Relation with Lake (class): Lake area casualties are buried here: 5. 
Total nr. of casualties buried here (TC): approx. 80 WW2, today 74.
Lake casualties, initially, end WW2 (LC-I): 0
Unknown today: 9
of which unknown from Lake (LC-U): 0
of which unknown from North Sea (NS-U): 9
Initial burial site in WW2: yes. 
Post war burial site for collection and reburial from other sites: yes 
Cemetery with Lake casualties today: yes, but from Lake area. 


The first WW2 burial here involved 10 British army soldiers killed May 1940 during the German invasion of Holland. Most other of the 69 Commonwealth victims washed ashore here during the war, most airmen. 9 of them are not identified. In the smaller row next to the Cross of Sacrifice is a row with postwar burials, brought over from other locations. Among them 2 airmen crashed near Tiel and a Polish crew from Opperdoes, near lake IJsselmeer (see the other red dot on the map in the right-upper corner).   


Dutch name cemetery: Hoek van Holland Alg. begr. pl. 
Full name: Hook of Holland general cemetery. 
Address (usable for car navigation):
Kerkhofweg 6, Hoek van Holland.

For reaction or comments; send us an email,
see address and info at CONTACT.
Please use as subject title: 'Hook of Holland'.

Photo below: Burials started here. Under the first 5 headstones on this row (row 'F') are 3 graves which contain the remains of 10 soldiers of the Irish and Welsh Guards. They came with a British Royal Navy Destroyer to Hook of Holland to help evacuate the Dutch royal family and gold from Dutch banks to England. In German air raids on the harbour they were killed by exploding bombs 12/13th May 1940. In the following grave, with a headstone for each men, rest 2 RAF airmen that crashed in a Blenheim nearby also on 12 May 1940.  

Two weeks later the Dunkirk evacuation took place (26 May 1940) and 6 to 9 weeks thereafter, the Dutch beaches from south to the most northern tip of the Netherlands were flooded with the corpses of hundreds Allied soldiers and sailors. The 8th stone on this row is of such (unknown) British soldier that washed ashore here in this period.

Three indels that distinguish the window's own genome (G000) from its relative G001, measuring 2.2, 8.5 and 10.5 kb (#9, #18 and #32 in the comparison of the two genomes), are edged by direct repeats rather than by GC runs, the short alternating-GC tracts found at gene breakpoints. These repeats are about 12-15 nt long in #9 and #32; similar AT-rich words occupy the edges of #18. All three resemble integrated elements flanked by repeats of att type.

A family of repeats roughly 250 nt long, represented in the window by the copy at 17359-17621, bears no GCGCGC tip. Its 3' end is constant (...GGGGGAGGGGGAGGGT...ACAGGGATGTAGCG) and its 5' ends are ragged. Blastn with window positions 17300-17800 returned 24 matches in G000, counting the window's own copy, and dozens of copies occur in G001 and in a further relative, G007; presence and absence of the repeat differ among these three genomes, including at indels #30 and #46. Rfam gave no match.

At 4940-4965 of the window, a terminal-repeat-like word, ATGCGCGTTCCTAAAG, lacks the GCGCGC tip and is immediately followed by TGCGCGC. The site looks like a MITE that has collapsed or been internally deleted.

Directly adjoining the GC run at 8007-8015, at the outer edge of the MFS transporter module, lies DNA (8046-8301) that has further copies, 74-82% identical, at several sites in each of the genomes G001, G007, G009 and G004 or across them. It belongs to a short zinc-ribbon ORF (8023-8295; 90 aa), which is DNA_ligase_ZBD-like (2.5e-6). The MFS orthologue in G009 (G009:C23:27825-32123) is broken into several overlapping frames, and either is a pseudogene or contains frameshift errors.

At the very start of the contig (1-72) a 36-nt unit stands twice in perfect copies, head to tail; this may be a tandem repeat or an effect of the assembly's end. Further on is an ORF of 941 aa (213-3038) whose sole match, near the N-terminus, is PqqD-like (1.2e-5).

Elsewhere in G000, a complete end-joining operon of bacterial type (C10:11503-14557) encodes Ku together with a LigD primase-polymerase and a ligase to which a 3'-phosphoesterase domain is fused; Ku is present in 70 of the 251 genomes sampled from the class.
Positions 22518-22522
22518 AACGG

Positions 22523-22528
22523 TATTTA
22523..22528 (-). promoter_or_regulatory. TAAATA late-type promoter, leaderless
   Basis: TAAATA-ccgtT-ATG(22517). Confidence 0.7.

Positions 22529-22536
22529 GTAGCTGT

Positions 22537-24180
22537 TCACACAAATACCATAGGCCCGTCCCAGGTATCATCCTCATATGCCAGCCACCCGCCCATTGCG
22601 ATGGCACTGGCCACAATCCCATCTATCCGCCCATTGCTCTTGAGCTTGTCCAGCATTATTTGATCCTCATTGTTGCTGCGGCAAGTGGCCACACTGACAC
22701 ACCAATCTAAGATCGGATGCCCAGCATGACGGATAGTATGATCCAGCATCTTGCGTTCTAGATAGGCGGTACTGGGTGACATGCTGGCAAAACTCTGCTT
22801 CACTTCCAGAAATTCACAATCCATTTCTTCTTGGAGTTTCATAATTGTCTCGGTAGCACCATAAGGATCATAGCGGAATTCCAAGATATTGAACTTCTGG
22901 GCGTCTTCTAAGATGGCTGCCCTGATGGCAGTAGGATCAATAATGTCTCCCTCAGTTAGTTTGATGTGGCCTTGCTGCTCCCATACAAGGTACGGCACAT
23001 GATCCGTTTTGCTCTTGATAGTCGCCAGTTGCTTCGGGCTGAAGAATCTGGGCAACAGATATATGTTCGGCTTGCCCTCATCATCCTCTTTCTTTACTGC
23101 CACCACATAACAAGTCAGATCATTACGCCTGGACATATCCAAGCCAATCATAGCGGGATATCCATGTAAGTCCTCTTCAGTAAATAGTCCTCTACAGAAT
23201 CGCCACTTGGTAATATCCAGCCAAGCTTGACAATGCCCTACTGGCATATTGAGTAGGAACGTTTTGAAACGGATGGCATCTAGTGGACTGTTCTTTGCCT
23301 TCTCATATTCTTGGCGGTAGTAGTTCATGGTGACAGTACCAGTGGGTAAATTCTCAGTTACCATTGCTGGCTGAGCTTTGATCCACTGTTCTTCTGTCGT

We estimate that 4 French soldiers washed ashore here as well end July 1940. They were buried next to the British soldier, but were exhumed in 1949. This caused the empty gap between the headstones, visible on this photo. Next burials were RAF and started from September 1941 onwards when strategic bombing on Germany intensified. 



The French Dunkirk victims

One of the 4 French soldiers buried here was Sgt. Paul Nougière. He was exhumed in 1949 and reburied on the central French war cemetery in the Netherlands in Kapelle, grave C.3.6. The other 3 were repatriated to France. 

1km north from here, in the village of S'Gravenzande, also at least 2 French soldiers were buried after Dunkirk. They were not identified and rest now in Kapelle in grave C.3.8 and F.2.5. Possibly from here also another 2 French soldiers were reburied in France. 

In the village Monster, 2km north, also 2 French soldiers were reburied to Kapelle in grave C.3.10 and C..3.11. 

Royal Marines of H.M. Landing Craft Flak 37

Marine E.W. Mountford's name is on the Plymouth memorial. He is buried here. Next to him are 2 other Royal Marines, also washed ashore on this beach but not identified. They can be from the same ship. Full story is on this site:

Photo below: Row 2 (row 'G'). Postwar (re-)burials.


There is a relation Hook of Holland with the airwar over lake IJsselmeer. In the night of 24 on 25 July 1941 Wellington X9620 of Polish 304 Sqn crashed at Opperdoes, near Andijk. Only 2km from the lake shore. F/O Rzepa was directly recovered by the Germans and buried in Bergen aan Zee. The other 5 men were recovered after the war and received a collective grave here in Hoek van Holland. For more info and photo's read the site article on site Polish War Graves on this cemetery and on Wellington X9620


There is a German photo serie (11 pictures) of a military funeral at Hook of Holland. Three English airmen are buried, possibly killed in operation Fuller. To see these pictures in a preview go to this commercial site:

Enter only the photo-code (one number at the time) in the field at 'Beeldnummer:' (Image number). Then press button 'Zoek' (Search)

Photo-codes are: 69981,  69982,  69983,  69984,  69985, 69986,  69987,  69988,  69989,  69990,  69991. 

© ZZairwar

S'Gravenzande Cemetery

In s'Gravenzande is a WW1 war graves plot for 112 Royal Navy sailors, washed ashore. Of them, 97 are non-identified. They are casualties of 'the disaster of the three battlecruisers'. 

In WW2, three casualties were added:

- Sgt. George Beardwood of Blenheim L8828 (40 Sqn). Shot down here off the coast 10 May 1940 after a raid on Ypenburg airfield.

- Lance Corporal George Stewart. British Army. Killed in German air attack on s'Gravenzande 14 May 1940.

- Unknown RAF Flying Officer. Washed ashore, buried 12 August 1943.